THE FRC is seeking feedback through its latest consultation document on accounting standards for small entities, following the implementation of a new EU Accounting Directive.
After the changes in EU law, the FRC will introduce a new section into FRS 102, the financial reporting standard applicable in the UK and Republic of Ireland for small entities, which is proposed to be those turning over less than £10.2m.
In future, underlying accounting by small entities will be consistent with the standard for financial reporting used by other un-listed companies, subsidiaries of listed companies and public benefit entities such as charities. However, the presentation and disclosure requirements for small entities may be more straightforward and will translate into a far less onerous reporting regime.
Small companies can now include less information in their accounts and fewer mandatory disclosures. The FRC proposes to issue a new accounting standard for micro-entities – companies typically turning over less than £632,000 a year – while the financial reporting standard for micro-entities (FRSME) will make accounts for such companies simpler.
A further fallout from the directive means that the financial reporting standard for smaller entities (FRSSE), which harks back to 1997, is now going to be scrapped.
“We believe the FRSME will provide significant simplifications for the very smallest companies choosing to apply the micro-entities regime,” says Roger Marshall, FRC board member and chairman of its Accounting Council. “For other small entities, there will be improvements in some areas of financial reporting – for example, more information about areas of financial risk, and greater consistency with the accounting by larger private entities which should offer benefits to users.”
The FRC has twice consulted on proposals to increase consistency in accounting by residential management companies. Its consultation document includes further proposals to address this issue as residential management companies will generally be micro-entities or small entities.
In addition, limited amendments will be proposed to FRS 101 Reduced Disclosure Framework and FRS 102 to reflect changes in company law.
Separate amendments have also been put forward by the watchdog to address fears that an overhaul of reporting standards will add millions to corporate liabilities.
There had been fears FRS102 would force private companies in the UK to book their defined benefit (DB) pension obligations along the lines of IFRIC 14, the international standard that applies to listed companies, resulting in extra liabilities on their balance sheet.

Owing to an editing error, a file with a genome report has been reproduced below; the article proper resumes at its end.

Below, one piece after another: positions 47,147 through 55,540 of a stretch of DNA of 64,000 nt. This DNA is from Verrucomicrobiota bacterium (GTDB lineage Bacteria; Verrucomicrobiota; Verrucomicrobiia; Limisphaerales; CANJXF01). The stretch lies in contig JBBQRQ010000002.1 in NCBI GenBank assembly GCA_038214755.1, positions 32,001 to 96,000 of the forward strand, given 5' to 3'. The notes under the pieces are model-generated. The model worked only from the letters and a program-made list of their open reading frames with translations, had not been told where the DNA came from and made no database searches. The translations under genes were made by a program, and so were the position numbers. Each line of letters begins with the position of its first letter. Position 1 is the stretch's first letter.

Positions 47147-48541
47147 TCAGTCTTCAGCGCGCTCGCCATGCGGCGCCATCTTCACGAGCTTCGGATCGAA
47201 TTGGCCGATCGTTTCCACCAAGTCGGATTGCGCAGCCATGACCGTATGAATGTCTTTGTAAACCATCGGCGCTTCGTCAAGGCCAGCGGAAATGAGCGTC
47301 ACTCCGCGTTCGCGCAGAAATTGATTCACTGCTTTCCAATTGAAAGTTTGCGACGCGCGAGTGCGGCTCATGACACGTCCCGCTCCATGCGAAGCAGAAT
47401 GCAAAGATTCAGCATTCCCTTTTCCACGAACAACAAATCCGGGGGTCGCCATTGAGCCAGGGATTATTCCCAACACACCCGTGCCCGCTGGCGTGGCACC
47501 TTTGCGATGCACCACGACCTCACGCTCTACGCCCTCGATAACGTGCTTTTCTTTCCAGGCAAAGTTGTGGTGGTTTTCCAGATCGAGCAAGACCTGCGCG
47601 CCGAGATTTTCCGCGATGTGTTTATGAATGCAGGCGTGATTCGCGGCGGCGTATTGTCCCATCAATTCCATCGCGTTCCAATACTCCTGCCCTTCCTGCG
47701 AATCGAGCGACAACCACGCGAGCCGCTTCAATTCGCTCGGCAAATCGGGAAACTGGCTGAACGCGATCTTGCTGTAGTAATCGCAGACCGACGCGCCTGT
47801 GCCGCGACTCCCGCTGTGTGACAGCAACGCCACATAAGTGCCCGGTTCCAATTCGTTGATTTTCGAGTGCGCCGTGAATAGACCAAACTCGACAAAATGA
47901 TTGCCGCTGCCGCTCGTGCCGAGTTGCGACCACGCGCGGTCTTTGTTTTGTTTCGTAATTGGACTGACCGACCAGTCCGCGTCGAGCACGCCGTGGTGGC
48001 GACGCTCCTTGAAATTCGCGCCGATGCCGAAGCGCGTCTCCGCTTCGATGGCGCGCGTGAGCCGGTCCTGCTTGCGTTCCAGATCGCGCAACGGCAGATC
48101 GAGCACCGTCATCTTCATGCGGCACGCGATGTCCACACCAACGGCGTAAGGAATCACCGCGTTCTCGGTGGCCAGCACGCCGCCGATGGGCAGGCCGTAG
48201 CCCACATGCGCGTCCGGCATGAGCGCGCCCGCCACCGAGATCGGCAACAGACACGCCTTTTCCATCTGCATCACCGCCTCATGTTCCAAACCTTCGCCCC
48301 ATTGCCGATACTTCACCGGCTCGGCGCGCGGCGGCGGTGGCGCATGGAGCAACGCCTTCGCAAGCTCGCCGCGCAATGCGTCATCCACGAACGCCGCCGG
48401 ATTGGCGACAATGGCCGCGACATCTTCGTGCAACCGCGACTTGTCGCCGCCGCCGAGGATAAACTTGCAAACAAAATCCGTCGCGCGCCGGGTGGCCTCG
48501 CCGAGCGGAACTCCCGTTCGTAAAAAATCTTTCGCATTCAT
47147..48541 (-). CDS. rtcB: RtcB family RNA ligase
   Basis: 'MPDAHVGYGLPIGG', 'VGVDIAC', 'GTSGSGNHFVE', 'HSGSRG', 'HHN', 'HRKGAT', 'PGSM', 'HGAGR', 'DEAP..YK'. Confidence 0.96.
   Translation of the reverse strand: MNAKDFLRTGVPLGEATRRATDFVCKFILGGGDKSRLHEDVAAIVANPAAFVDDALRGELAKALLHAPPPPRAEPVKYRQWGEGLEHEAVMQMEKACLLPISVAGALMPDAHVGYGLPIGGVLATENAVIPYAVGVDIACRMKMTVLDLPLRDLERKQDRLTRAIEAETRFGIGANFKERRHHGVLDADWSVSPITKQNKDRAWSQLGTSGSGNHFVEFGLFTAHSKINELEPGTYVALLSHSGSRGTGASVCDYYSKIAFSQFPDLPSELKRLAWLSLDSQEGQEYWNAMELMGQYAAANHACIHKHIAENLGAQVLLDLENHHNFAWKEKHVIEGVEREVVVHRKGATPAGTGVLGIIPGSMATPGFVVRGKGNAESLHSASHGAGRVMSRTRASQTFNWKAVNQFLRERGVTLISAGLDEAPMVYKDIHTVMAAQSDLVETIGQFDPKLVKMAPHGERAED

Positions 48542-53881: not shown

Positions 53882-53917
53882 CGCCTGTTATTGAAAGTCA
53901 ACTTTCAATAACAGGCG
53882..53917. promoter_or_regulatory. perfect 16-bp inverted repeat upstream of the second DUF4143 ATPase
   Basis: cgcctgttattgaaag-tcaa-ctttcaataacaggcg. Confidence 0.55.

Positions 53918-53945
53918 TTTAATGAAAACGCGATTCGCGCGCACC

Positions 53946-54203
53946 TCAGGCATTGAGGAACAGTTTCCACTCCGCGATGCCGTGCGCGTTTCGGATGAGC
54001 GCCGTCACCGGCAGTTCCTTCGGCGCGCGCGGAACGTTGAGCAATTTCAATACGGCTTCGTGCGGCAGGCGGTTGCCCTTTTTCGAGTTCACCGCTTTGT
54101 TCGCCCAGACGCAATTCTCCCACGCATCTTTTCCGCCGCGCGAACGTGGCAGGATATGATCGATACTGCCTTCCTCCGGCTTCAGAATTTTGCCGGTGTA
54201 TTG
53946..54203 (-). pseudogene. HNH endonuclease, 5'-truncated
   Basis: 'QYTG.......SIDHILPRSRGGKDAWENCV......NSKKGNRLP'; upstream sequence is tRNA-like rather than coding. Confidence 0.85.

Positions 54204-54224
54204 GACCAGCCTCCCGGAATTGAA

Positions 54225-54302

Responding to informal consultations, the FRC has issued an exposure draft to clarify that no additional liabilities will be raised as a result of the change to FRS102 under new GAAP, as the new standard will be “consistent with current practice”.
FRC director of accounting and reporting Anthony Appleton says the amendment was necessary “to clarify that FRS102 will mean companies continue to account for DB pensions under old GAAP”.
The current UK standards will be phased out by January 2015 to be replaced by FRS102, which is commonly known as ‘new GAAP’.
“It came to light that there had been a diversity of views about how to recognise liabilities of DB pension schemes under FRS102. These amendments straighten that out,” says Appleton. “We noted a strong consensus in favour of this in our informal consultations.”
The FRC expects to issue the final amendments to FRS 102 in early 2015. ?
Micro-entities are the smallest companies and are defined in company law. The qualifying conditions include not exceeding two of the following thresholds:
• Turnover: £632,000
• Balance sheet total: £316,000
• Number of employees: 10
Small companies are defined in company law. BIS is consulting on changing the qualifying conditions to be eligible for the small companies accounting regime, so they will hinge on not exceeding two of the following thresholds:
• Turnover: £10.2m
• Balance sheet total: £5.1m
• Number of employees: 50
The FRSSE was first published in 1997. It may be applied by entities eligible for the small companies accounting regime and was a simplification of the accounting standards applicable to larger entities, although few recognition or measurement differences were permitted. When the FRC was developing FRS 102, it decided to postpone a full review of the FRSSE until the new Accounting Directive was being implemented. The most recent consultation on the financial statements of residential management companies was set out in FRED 50 Draft FRC Abstract 1 – Residential Management Companies’ Financial Statements.